But what will he do about it if the Grizzlies don’t prioritize the present? They made their push last summer with a max contract for Chandler Parsons, but because Parsons can’t stay healthy, that deal only inhibits team growth.

Gasol is locked up for two more years before a player option. He doesn’t have much leverage. This is part of the reason LeBron James keeps signing short-term contracts. Gasol doesn’t have the same ability to steer his team in his desired direction

On the potentially bright side, rebuilding teams often don’t have much use for 32-year-olds guaranteed more than $72 million over the following three years. If the fit devolves, Memphis becomes more likely to trade him.

Celtics to retire Paul Pierce’s number after Cavaliers game in February

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The Celtics already said they’d retire Paul Pierce’s No. 34.

Now, we know when.

Celtics release:

The Boston Celtics announced today that they will retire Paul Pierce’s No. 34 after a mid-season game against the Cleveland Cavaliers on Sunday, Feb. 11

After? That’s apparently in response to a new rule that penalizes teams not ready to play after a 15-minute halftime. These ceremonies can drag on, and nobody wants to cut Pierce short. I wonder whether this will start a trend of number retirements coming after games.

DeMarcus Cousins on Confederate statues: ‘Take all them motherf—ers down’

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DeMarcus Cousins grew up in Alabama, played collegiately at Kentucky and now plays in New Orleans.

So, yeah, the Pelicans star has an opinion on Confederate statues.

Cousins, via TMZ:

“Take all them motherf*ckers down,” Cousins said … “Take ’em all down.”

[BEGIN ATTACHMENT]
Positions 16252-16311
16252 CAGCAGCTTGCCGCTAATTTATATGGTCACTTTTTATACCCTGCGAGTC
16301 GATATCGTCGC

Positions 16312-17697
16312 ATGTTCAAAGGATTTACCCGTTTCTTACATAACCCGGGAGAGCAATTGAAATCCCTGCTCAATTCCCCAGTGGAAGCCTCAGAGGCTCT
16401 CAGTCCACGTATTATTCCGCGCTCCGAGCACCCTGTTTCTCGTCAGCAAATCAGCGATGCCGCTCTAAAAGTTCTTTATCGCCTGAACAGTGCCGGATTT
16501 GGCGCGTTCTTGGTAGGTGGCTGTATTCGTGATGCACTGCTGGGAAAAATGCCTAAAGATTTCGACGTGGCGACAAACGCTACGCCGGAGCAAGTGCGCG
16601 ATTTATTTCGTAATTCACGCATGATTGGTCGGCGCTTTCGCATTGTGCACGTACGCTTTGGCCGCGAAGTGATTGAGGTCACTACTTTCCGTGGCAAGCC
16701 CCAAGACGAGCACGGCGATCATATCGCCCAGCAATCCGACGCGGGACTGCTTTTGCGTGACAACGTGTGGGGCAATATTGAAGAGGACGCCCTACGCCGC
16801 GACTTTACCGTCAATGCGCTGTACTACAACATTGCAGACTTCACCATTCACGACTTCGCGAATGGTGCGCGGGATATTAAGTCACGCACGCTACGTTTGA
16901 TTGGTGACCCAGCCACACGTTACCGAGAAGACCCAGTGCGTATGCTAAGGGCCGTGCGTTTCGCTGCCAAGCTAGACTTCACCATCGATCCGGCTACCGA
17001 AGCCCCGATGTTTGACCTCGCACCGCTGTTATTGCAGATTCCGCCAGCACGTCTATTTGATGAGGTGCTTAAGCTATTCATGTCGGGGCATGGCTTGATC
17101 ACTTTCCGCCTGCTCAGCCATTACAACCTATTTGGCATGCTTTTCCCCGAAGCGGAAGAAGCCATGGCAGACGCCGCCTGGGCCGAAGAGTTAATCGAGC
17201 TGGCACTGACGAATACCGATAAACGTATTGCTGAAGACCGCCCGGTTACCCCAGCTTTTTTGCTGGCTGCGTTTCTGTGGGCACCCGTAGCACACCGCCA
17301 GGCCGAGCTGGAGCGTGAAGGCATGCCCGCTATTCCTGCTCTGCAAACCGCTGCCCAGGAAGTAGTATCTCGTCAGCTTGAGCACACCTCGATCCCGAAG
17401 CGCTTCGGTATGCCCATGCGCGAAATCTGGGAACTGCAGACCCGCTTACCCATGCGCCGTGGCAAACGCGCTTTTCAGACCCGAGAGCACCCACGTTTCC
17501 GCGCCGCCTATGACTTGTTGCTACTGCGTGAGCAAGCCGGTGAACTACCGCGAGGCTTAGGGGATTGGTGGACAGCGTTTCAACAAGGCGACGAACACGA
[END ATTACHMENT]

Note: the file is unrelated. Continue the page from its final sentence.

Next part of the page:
These statues glorify people because they fought a war against the United States in the name of preserving the racist institution of slavery.

Not whom I want to honor, either.

Kevin Durant: Kyrie Irving-LeBron James situation ‘just a regular NBA problem’

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Kevin Durant knows something about star teammates not always getting along.

So, the Warriors forward is not freaking out about the disconnect between Kyrie Irving and LeBron James and Irving’s subsequent trade request.

Durant, via Chris Haynes of ESPN:

“It’s just a regular NBA problem, right? A lot of teams have gone through this before,” Durant told ESPN. “They’ll figure it out. That’s a great organization, a championship organization. They’ll figure it out.”

“It’s not the end of the world,” Durant said. “Both of those guys won a championship together. They love each other. If Kyrie wants to do something else, that’s on him. I’m sure whatever happens, it’ll work out for the best for both of them. But it’s just a normal NBA problem. It’s just two big stars that it’s happening to.”

Durant is definitely right in the larger sense. Teammates spat and requests trades more often than we realize. Remember, both Irving and the Cavaliers probably prefer this never became public.

But I’m not sure Cleveland will figure this out with the ease Durant suggests. David Griffin, who had proven so adept at putting out these fires, is gone. LeBron’s free agency looms. This could be extremely destructive to the Cavs.

The fact that this “regular NBA problem” became public only intensifies it – and raises it something greater.